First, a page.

“meet me there”
sculture and paintings
February 15th – April 3rd 2020
opening reception: February 14th 6 – 9pm
Beate Höing—inspired by the ornamental and the textural material used in the cultural-historical folk art of fairy tales and myths as well as of traditions and rituals—took up these influences in her painting and ceramic work. Out of them she has created her own autonomous iconography. Hereby already inherent,associated and recollected images come together in an ambivalent game of reality and fiction where dreams and nightmares, relief and dread lie side by side. Materiality and form are thus inseparably linked. Furthermore the artist’s oil paintings and ceramic sculptures, including her installations, tell of a passion for the beauty, the delicacy and the aesthetics of things as well as of a playful lust for all innate possibilities.
Beate Höing’s paintings present a world of images based on photographic sources from the 1970s and 80s. The intimacy of the moment is recorded piecemeal. A further work series depicts “headdresses”, also in oversized formats. The pictured motifs at first seem to be drawn from a cozy world or from a documentation of bygone days. This peaceful idyll is deceptive, however, and a second glance also reveals the world’s ambivalences and doublespeak.
All of which is likewise true for her ceramic works that, as an independent medium, are engaged in interaction with painting. The ceramic material indirectly calls up a suspicion of kitsch, but also of traditional craftsmanship. This “loan” counteracts the content-related statement that the artist almost provocatively intensifies. The incorporation of bric-a-brac and porcelain figures—for centuries the embodiment of bourgeois taste, loved as decorative itemsor souvenirs or dismissed as kitsch—offer adequate space for the imagination and the fantastic. Maidens and youths, fairy-tale and fabled creatures or animals asleep or dreaming: these fragile figures grow out of floral and opulent pedestal elements, stand on their own, present themselves in figural arrangements, or asroom-high, wall-filling installations.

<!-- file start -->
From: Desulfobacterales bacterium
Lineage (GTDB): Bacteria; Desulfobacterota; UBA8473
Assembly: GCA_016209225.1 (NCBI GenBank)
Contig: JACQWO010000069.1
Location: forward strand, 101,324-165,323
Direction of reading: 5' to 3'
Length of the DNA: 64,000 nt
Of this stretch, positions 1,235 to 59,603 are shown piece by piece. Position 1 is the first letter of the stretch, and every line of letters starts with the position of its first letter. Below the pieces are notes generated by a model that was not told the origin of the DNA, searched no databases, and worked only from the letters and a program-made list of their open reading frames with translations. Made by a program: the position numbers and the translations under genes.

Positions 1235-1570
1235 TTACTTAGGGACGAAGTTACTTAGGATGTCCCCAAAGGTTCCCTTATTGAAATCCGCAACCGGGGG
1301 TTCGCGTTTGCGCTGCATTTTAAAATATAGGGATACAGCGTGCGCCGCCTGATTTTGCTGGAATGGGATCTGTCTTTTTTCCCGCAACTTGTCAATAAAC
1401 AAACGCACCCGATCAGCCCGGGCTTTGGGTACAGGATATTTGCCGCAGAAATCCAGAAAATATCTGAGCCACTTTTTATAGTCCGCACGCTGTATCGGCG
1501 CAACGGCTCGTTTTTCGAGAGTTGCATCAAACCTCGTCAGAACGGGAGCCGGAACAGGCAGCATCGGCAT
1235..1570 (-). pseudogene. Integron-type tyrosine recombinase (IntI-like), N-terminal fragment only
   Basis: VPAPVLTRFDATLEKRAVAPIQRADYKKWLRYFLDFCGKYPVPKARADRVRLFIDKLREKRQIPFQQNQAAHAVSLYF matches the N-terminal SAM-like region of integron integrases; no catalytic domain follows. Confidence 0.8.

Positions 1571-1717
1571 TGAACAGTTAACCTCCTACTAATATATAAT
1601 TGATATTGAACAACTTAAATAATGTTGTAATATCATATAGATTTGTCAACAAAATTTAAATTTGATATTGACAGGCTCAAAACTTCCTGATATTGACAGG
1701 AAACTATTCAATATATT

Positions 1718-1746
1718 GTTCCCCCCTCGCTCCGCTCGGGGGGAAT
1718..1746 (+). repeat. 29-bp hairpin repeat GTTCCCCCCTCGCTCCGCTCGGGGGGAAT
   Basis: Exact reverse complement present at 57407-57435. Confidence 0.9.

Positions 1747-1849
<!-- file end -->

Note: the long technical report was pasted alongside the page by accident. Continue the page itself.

Beate Höing’s works cast a very poetic, at times ironic, glance onto the past, tell of nostalgic memories, of dreams and surreal worlds, complete with a whimsical twinkle of her eye.
Jutta Meyer zu Riemsloh M.A.
From the German by Jeanne Haunschild